The KSU College of Veterinary Medicine
Even though I am just a freshman, as a student studying Animal Science/Pre-Vet, it is nearly impossible not to stop and take stock of the amazing College of Veterinary Medicine facilities on campus. First established in 1905, KSU’s College of Veterinary Medicine has undergone extensive changes in last 100+ years, both structurally and educationally. It is hard to believe that the first graduating class (only seven people), who were all men, from the college only had to have a high school diploma to qualify for admission. It wasn’t until 1932 that a female would earn a degree in vet med from K-State. What a long way the school has come since then! The ratio of males to females in the field has flipped as well… vet med had always been a predominantly male field until the last decade or so. Not only that, but the admissions requirements have changed too. Even for those that can meet the requirements, the current acceptance rate at KSU’s vet school is listed online as a whopping 8.5%.
The college has many criteria for their potential students; they expect to see glowing experience records, community service, impeccable grade point averages, letters of recommendation, and top-notch interview skills. Needless to say, there are a set of steep requirements to even be considered as a student at the college. However, K-State does offer a special program – their Early Admission Program. This program has its own set of requirements – one of which is a 29 or higher ACT score. Applicants apply their senior year of high school and may earn themselves an interview for the program. If, so they will be interviewed and told if they have been accepted or not within a few weeks. Being admitted into this program essentially “reserves” a seat in KSU’s College of Veterinary Medicine, so the students will not have to compete against the thousands of other applicants after completing most of their undergraduate degree.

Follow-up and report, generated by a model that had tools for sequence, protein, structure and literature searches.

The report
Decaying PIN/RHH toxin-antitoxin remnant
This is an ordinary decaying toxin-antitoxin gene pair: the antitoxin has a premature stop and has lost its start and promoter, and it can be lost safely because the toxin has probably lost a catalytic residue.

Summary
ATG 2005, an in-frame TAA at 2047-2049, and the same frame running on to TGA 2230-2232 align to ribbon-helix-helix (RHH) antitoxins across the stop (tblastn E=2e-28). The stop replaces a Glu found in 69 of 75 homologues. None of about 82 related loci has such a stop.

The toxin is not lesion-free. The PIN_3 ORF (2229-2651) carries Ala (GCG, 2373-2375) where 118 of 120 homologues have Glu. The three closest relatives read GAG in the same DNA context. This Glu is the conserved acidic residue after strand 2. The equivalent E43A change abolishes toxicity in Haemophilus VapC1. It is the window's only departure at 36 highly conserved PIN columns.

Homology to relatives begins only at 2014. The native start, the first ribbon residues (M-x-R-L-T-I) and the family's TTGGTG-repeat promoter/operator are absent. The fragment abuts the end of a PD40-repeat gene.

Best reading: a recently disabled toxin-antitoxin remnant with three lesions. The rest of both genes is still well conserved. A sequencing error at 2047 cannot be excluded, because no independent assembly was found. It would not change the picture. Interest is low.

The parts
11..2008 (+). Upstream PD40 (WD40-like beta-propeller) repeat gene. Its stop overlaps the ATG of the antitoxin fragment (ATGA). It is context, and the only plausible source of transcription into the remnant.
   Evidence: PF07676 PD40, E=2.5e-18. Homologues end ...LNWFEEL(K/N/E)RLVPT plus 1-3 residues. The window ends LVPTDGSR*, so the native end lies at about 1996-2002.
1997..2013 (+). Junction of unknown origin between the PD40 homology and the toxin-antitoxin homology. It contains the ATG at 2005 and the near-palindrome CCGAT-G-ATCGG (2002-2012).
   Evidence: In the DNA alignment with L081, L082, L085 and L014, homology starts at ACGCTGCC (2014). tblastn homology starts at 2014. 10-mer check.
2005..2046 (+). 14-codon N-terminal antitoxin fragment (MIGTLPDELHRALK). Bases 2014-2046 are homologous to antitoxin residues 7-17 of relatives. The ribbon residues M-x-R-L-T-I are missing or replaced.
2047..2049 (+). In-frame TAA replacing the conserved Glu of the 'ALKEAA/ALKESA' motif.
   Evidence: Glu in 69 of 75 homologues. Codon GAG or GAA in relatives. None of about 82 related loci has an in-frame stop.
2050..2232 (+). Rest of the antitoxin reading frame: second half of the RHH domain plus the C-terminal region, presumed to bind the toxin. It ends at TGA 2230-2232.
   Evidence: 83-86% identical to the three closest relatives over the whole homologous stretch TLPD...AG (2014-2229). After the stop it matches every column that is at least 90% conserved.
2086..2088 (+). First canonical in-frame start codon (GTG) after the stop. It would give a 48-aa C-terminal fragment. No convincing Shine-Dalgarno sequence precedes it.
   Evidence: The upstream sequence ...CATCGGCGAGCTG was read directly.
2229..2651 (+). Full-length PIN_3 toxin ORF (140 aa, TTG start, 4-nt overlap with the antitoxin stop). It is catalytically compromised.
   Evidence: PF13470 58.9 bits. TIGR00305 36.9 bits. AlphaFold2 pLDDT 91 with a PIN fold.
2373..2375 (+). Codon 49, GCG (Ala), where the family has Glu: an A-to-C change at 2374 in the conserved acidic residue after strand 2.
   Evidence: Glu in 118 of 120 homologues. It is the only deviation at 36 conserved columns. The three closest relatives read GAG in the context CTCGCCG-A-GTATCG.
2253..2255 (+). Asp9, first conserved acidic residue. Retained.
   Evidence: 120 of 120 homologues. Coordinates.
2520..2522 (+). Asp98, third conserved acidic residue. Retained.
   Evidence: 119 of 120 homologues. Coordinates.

There are yearly and semesterly requirements that must be upheld by the members of this program including a 3.3 GPA in K-State science classes, fifty hours of community service per year, fifty hours of shadowing or veterinary experience a year, involvement in a non-veterinary related club, attending nearly all the meetings for either Veterinary Voyagers or Pre-Vet Club, and more. You may be thinking… “wow, she seems to know a lot about this program,” and that would be because I was inducted as one of the 2019-2020 Early Admission Program students this year. In my opinion, whether students choose to apply to vet school traditionally or are blessed enough to be able to be an Early Admission student, K-State’s College of Veterinary Medicine is a great place to be!